Friday, August 21, 2009

Jay Leno: Why men hog the remote control

Talk Show News is getting tired of writing about Jay Leno, but his 10 PM debut is only 23 days away (thanks, countdown clock!) and the man is everywhere. Today, the Wall Street Journal profiled "TV's most famous workhorse," who is gearing up for his show by doing stand-up. And talk about fresh ideas: among Leno's routines are "jokes about why women love cats," "why men must dominate the remote control," and "a riff about the warnings on prescription medication." The article is accompanied by a little gallery of Leno through the ages, from the open-shirted swinger look he sported in the '70s to the white-haired, flag-pin-wearing Jay of today, and one can't help but wonder if some of those gags have been in his stand-up arsenal since the Carter era. "I don't like the edgy comics out there," said a 60-year-old retiree quoted in the piece. "Mr. Leno, she added, belongs more to 'the age of Johnny Carson.'" I'm sure the demographic bean counters at NBC will love that, since that woman's demographic is about as desirable to the Peacock Network as a 2-year-old Ford Focus would be to car collector Leno.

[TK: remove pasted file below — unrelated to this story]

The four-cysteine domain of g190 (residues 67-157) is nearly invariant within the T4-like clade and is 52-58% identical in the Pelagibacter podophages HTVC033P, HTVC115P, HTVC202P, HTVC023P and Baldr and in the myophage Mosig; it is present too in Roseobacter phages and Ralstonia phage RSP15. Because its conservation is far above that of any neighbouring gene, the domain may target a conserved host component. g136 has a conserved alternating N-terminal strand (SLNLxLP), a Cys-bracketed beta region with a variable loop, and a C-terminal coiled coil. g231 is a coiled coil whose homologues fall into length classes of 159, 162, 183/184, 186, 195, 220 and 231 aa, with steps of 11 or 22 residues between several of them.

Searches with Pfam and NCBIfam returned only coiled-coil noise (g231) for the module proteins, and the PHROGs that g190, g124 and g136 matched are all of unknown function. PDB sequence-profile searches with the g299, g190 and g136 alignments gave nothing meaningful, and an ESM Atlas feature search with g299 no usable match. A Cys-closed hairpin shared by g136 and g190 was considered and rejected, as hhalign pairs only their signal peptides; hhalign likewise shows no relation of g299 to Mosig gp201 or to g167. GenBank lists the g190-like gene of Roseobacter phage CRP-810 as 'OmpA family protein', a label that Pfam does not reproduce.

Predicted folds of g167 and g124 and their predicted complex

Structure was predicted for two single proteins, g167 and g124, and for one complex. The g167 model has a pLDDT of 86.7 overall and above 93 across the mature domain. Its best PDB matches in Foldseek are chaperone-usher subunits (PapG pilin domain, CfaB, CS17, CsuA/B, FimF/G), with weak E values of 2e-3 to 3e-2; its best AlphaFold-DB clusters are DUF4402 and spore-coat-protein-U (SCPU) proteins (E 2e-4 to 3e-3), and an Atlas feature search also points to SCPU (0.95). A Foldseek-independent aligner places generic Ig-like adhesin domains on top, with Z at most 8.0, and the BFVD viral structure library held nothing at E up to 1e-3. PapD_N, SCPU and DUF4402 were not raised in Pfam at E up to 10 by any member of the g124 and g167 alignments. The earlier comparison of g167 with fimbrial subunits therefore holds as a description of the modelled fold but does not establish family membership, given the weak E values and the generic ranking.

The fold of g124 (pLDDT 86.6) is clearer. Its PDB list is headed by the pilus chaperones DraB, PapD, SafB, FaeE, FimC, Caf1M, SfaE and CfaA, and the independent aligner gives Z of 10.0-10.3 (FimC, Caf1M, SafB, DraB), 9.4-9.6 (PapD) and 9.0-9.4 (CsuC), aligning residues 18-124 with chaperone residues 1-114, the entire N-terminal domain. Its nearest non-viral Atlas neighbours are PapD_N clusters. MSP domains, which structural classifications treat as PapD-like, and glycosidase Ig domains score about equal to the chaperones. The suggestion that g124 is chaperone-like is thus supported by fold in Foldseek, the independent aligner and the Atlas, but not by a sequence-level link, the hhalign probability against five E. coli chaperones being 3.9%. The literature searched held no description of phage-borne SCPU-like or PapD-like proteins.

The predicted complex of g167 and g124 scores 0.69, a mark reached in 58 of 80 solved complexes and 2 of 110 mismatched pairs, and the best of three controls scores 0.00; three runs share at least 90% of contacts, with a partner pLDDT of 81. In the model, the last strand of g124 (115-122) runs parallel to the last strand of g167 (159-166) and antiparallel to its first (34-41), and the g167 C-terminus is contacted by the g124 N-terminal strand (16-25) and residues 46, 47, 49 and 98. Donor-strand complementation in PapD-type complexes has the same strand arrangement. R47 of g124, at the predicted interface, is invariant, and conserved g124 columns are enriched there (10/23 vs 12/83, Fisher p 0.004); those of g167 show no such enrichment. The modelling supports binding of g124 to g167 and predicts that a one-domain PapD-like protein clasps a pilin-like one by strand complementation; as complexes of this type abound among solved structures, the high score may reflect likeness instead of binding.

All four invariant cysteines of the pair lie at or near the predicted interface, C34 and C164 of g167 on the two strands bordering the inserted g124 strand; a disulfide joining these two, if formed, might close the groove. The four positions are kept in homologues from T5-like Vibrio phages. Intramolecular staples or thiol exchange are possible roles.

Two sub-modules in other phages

Meanwhile, San Francisco Chronicle TV writer Tim Goodman digs up some quotes from the Television Critics' Association press tour, exposing the anger that people in the industry feel about NBC's decision to dump five hours of scripted drama. "I feel they should take the American flag down in front of the building and just put up a white one, because they've clearly given up," says producer Peter Tolan ("Rescue Me"). "They've clearly just said, 'Look, we can't develop. We can't develop anything that's going to stick ... clearly can't find anything with any traction, so we quit.' Am I wrong? I don't think I'm wrong."

"One area that I haven't seen you people write much about -- I wish you'd hold NBC's feet to the fire a little bit more (over), is they talk about how the 'Leno' show's going to be cheaper to make," said Shawn Ryan (creator of "The Shield," show runner on "The Unit"). "But what's the value of a show after it's aired? They can't sell that overseas. They can't sell it on DVD. No one's interested in watching an episode of it three weeks later because all the topical humor is no longer topical.

"And so you can talk about how a show like 'Heroes' on NBC is very expensive to make, but the fact is it has value today all across the world. It's going to have value tomorrow in the DVD market, online. It's going to have a lot of value. There's a reason why these companies are in this business. It's because these shows, when they work, make a lot of money."